PDA

View Full Version : Optical doppler on Earth



Lord Jubjub
2009-Dec-17, 12:49 AM
Thought experiment:

A semi-trailer truck is painted black such that no light is reflected or emitted except through the headlights, running lights and tail lights. These all emit at exactly 510 nanometers (greenish light).

You are sitting by the side of the road with a device that will tell you, to the nearest nanometer, the wavelength of light it detects. As the truck approaches you, the light will appear bluer. You read exactly 510 nm as the truck passes you. The truck then drives away from you with a redder light.

If the truck was driving, relative to you, at 60 mph (100 kmph), would the wavelength differences be detectable?

Hornblower
2009-Dec-17, 12:58 AM
Thought experiment:

A semi-trailer truck is painted black such that no light is reflected or emitted except through the headlights, running lights and tail lights. These all emit at exactly 510 nanometers (greenish light).

You are sitting by the side of the road with a device that will tell you, to the nearest nanometer, the wavelength of light it detects. As the truck approaches you, the light will appear bluer. You read exactly 510 nm as the truck passes you. The truck then drives away from you with a redder light.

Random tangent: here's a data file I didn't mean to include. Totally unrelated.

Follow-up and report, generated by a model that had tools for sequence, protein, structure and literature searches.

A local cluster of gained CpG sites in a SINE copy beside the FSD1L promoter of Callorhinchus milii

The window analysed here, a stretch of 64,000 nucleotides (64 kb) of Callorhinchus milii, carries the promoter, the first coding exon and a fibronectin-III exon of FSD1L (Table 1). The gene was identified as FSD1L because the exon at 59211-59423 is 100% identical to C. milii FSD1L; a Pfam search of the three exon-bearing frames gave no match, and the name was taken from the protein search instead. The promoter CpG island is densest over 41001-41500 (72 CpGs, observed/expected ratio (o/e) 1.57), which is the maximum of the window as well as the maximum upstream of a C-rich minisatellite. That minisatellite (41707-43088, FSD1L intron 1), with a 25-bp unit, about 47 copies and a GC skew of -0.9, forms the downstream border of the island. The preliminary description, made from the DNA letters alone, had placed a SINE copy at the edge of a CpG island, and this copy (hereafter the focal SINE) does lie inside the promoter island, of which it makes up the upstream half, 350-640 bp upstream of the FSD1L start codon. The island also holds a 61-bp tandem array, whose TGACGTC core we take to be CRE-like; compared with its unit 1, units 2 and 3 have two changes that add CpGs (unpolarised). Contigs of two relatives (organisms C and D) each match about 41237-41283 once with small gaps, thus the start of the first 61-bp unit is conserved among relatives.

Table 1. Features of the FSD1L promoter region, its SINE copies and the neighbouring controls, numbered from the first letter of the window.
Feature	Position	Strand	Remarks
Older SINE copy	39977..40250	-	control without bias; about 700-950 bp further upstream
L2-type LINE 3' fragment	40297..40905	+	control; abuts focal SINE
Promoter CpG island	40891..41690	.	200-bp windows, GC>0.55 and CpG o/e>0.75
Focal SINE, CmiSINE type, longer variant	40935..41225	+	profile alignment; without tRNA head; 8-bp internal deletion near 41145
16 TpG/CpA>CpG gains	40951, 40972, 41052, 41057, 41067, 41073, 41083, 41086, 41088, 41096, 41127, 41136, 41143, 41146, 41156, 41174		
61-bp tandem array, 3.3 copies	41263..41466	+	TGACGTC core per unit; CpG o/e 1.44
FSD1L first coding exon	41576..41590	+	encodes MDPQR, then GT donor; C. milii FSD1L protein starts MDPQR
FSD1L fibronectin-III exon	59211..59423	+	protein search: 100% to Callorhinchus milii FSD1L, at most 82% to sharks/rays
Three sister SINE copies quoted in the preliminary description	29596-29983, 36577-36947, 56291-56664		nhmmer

If the truck was driving, relative to you, at 60 mph (100 kmph), would the wavelength differences be detectable?

The speed is roughly 1/10,000,000 of the speed of light, so the wavelength change would be roughly 1/20,000 of an nanometer. You would need an instrument that can do much better than the nearest nanometer.

Lord Jubjub
2009-Dec-17, 01:06 AM
So even New Horizons, shortly after launch, only had a redshift in the picometer range?

01101001
2009-Dec-17, 01:09 AM
Manmade stuff is slow!

ngc3314
2009-Dec-17, 03:18 AM
If you don't mind a large massive setup, the fiber-fed temperature-controlled spectrographs used for extrasolar Doppler detection of planets can measure velocity changes of a few meters per second (shifts of a few parts in 10^8 in wavelength).

George
2009-Dec-17, 05:09 AM
If you don't mind a large massive setup, the fiber-fed temperature-controlled spectrographs used for extrasolar Doppler detection of planets can measure velocity changes of a few meters per second (shifts of a few parts in 10^8 in wavelength). That reminds me of SOHO, which is capable of something like 0.01 cm/sec velocities.